This year has seen an unprecedented number of 3-D releases, to be topped off by James Cameron's long-awaited 'Avatar' in December. DreamWorks honcho Jeffrey Katzenberg has decreed that all his studio's releases henceforth must include 3-D prints. And Hollywood seems to think that 3-D, after decades of haphazard tinkering, is finally poised to save the industry by prying people away from their home theaters and Web browsers and pulling them back into theaters. But has anyone stopped to ask whether audiences actually like 3-D? "Your scientists were so preoccupied with whether or not they could, they didn't stop to think if they should," said Jeff Goldblum's naysayer in 'Jurassic Park.' So it is with 3-D movies.
This year has seen an unprecedented number of 3-D releases, to be topped off by James Cameron's long-awaited 'Avatar' in December. DreamWorks honcho Jeffrey Katzenberg has decreed that all his studio's releases henceforth must include 3-D prints. And Hollywood seems to think that 3-D, after decades of haphazard tinkering, is finally poised to save the industry by prying people away from their home theaters and Web browsers and pulling them back into theaters. But has anyone stopped to ask whether audiences actually like 3-D?
Skeptic No. 1 is the nation's top film critic. Roger Ebert has been railing against 3-D for some time, saying it adds nothing to the viewing experience and even detracts from it, dimming the colors and distracting moviegoers with extraneous information. He's reiterating his disdain for the process in a Spectator article headlined, where he writes, "Has anyone ever attended a 2-D movie and thought, 'If only it were in 3-D'? I doubt it, because 2-D creates a perfectly effective illusion of depth and dimension. When I see Lawrence [in 'Lawrence of Arabia'] growing from a dot far across the desert sands, it never occurs to me that I'm watching a 2-D image. When I watch 3-D, however, I'm constantly reminded that it's in 3-D."
Another gripe against 3-D: it's fun for kids but it's awfully juvenile. Sure, it's fine for cartoons, horror movies and Jonas Brothers concert films, but has anyone used it to tell mature, artful stories that adults can appreciate? It still seems gimmicky, and grown-ups blanch at having to wear the glasses, which give some of them headaches. At worst, 3-D can be just another way to paper over flaws in storytelling and acting with attention-grabbing special effects.
True, 'Coraline' and 'Up' earned praise for their storytelling, but those movies were arguably just as good in 2-D. And they're both still kid-friendly animation; no one has yet made a 3-D movie that's aimed strictly at adults. Even Cameron's 'Avatar' may not change that. If anyone can figure out how to use the technology as a storytelling tool, it's the director who revolutionized the use of CGI in 'Terminator 2' but he's still making sci-fi stories for kids and teens.
Of course, the most obvious audience complaint about 3-D may be the price. The glasses typically add a $3 surcharge to the price of your ticket. Of course, that's what exhibitors and studios like about it. (Though exhibitors have grumbled, too, about the start-up cost of converting their screens to 3D.) It's true that some of this year's 3-D movies have been box office successes, but only a fraction of that box office is attributable to converted screens, as many theaters are still showing the regular versions of the films.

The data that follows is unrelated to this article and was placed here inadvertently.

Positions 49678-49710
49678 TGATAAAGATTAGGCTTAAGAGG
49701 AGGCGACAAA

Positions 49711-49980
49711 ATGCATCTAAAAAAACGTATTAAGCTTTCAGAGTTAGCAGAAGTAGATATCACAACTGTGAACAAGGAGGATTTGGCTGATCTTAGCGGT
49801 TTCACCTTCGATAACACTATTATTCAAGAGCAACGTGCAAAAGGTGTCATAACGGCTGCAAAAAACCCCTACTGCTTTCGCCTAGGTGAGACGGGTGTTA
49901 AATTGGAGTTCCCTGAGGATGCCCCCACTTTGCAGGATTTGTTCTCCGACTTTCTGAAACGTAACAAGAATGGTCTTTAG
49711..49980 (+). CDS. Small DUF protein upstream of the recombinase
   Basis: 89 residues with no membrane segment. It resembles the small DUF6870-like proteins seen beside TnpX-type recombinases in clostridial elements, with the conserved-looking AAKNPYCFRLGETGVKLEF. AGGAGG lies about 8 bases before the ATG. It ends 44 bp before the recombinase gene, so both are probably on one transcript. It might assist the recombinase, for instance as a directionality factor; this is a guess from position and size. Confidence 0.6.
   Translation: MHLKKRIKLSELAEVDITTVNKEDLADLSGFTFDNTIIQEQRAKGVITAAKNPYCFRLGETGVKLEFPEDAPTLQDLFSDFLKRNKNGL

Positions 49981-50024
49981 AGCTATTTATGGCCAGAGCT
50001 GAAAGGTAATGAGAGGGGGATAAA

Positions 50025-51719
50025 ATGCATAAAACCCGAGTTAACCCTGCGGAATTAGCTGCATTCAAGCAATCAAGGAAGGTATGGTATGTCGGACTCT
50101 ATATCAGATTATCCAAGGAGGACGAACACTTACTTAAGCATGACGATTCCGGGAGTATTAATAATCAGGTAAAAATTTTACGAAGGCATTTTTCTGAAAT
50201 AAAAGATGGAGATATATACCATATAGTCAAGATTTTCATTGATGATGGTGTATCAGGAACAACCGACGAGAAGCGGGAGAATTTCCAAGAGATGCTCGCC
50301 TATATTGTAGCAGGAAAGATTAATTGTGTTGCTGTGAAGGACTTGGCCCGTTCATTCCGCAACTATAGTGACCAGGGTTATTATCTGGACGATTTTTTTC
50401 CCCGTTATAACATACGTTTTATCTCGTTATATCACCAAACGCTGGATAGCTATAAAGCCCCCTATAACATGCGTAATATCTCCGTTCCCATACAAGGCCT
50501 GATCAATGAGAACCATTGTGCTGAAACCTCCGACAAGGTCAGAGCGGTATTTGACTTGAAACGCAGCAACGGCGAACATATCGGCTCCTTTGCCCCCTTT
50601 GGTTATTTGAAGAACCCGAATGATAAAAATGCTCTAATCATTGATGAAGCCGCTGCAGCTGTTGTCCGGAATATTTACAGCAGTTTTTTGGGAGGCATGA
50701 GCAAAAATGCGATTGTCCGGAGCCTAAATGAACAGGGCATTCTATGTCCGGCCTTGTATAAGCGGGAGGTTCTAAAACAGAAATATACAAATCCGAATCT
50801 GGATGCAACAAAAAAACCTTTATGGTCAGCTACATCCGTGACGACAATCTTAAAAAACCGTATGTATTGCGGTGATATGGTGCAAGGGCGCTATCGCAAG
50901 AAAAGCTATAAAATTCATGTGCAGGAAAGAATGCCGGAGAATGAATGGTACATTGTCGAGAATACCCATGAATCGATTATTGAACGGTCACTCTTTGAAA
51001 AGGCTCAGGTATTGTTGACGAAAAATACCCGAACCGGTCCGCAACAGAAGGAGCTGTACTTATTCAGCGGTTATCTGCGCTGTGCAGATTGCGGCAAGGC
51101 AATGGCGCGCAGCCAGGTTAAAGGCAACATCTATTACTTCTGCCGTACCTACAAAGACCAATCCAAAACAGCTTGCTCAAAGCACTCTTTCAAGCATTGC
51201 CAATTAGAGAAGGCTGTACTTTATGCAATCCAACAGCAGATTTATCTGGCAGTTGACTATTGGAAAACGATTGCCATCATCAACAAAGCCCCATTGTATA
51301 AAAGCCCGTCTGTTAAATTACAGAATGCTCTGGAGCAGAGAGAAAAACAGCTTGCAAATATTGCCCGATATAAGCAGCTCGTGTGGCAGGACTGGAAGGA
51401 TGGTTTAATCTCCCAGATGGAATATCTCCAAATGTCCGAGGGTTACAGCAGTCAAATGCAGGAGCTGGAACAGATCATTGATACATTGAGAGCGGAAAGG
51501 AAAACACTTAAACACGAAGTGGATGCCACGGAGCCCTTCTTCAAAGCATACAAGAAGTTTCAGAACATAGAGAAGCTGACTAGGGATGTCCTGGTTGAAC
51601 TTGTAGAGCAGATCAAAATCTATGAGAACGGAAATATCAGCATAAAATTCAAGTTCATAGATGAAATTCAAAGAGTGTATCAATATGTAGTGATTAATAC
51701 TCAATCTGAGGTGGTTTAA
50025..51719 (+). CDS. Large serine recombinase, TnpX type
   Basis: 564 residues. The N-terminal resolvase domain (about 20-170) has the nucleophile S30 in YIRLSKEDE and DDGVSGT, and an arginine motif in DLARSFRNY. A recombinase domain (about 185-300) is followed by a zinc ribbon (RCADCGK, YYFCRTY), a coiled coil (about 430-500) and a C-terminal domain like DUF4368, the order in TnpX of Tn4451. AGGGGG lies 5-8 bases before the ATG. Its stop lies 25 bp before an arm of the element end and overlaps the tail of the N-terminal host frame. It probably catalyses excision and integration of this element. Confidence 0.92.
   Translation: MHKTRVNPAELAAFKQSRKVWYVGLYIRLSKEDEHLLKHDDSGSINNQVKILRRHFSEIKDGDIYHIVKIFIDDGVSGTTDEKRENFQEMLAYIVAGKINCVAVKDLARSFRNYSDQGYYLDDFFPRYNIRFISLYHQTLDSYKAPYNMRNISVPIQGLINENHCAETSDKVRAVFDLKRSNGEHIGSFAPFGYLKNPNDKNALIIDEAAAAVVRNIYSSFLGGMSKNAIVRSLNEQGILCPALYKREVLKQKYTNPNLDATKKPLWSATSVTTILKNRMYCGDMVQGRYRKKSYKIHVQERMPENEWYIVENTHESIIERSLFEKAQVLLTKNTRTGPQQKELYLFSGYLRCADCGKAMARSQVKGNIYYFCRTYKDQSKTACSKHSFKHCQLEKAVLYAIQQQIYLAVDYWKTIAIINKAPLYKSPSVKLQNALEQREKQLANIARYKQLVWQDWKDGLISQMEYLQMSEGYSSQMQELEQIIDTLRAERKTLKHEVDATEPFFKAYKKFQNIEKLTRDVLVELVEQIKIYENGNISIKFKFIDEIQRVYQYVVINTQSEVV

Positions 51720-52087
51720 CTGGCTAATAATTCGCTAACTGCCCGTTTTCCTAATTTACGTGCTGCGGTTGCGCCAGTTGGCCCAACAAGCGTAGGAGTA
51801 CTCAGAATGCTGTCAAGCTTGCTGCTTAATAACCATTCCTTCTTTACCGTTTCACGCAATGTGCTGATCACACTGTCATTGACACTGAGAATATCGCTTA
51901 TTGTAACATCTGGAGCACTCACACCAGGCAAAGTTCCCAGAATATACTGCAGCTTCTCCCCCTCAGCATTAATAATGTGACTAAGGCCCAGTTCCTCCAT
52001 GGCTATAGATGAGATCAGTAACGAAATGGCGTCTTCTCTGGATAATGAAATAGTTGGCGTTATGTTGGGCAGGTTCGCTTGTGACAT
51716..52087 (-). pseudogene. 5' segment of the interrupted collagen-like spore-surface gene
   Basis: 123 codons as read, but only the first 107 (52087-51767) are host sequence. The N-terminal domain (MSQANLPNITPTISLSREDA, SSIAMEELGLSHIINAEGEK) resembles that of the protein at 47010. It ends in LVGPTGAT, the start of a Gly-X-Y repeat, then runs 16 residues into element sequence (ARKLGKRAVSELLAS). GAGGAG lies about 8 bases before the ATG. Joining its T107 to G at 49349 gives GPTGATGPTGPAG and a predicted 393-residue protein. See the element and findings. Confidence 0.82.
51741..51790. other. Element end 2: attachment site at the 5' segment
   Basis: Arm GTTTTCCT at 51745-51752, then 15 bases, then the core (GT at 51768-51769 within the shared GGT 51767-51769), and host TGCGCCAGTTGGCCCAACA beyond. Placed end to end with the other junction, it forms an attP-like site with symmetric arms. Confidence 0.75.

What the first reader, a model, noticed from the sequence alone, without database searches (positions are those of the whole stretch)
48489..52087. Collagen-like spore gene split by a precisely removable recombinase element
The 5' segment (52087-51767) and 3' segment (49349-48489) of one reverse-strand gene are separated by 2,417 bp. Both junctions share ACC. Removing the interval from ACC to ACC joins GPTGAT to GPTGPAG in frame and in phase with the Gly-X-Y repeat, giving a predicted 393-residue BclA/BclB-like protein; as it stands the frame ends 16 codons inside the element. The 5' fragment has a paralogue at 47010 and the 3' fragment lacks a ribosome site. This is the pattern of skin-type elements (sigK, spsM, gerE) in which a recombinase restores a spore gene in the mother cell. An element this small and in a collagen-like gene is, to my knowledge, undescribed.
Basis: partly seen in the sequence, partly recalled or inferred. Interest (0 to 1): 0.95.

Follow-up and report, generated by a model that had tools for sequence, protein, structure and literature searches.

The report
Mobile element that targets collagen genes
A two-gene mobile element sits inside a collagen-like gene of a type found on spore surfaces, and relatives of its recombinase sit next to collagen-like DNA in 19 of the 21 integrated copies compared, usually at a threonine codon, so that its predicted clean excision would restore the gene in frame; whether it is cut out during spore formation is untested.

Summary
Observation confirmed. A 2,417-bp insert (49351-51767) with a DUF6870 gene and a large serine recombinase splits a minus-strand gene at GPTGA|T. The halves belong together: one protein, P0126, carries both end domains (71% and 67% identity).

Studios also like it that 3-D is harder to pirate. And there may be yet another plus for the major studios in that the filming technology is so prohibitively expensive that indie filmmakers and other outsiders are less likely to use it, leaving the sandbox to Hollywood big shots. And there are countless movies that can be retrofitted to 3D (like the recent re-release of the 'Toy Story' movies, or next year's 3D re-release of 'Titanic' that might get people to pay to see studios' back catalog movies one more time.
Hollywood's current fondness for 3-D recalls its initial use in the 1950s, when the studios saw the new medium of television as a threat to theater attendance and tried all kinds of gimmicks (3-D, wider screens, vibrating seats) to give moviegoers what they couldn't get at home. But the novelty quickly wore off; the glasses seemed silly at best and irritating at worst; and studios and viewers alike dismissed 3-D filmmaking as strictly kiddie fare. Attempts to revive 3-D over the decades have met with similar indifference. This time, however, the studios are committed to it, and they're as desperate as they were 50 years ago to give people a reason to get off their sofas.
Even the current vogue, however, may not last. Next year, there'll be HDTVs that can bring the 3-D experience to your living room. There's no proof yet that 3-D will make viewers pay to see films they wouldn't have watched in 2-D, or that it'll bring them back to theaters to see familiar movies tricked out in new trappings. And even filmmakers may be slow to embrace it. Discussing the piracy problems of 'X-Men Origins: Wolverine' earlier this year, the film's producer, Hollywood veteran Lauren Shuler Donner, told Entertainment Weekly, "Studios are working on it, and 3-D keeps getting mentioned because you can't download 3-D. But I don't want to make every movie in 3D."
-- By Gary Susman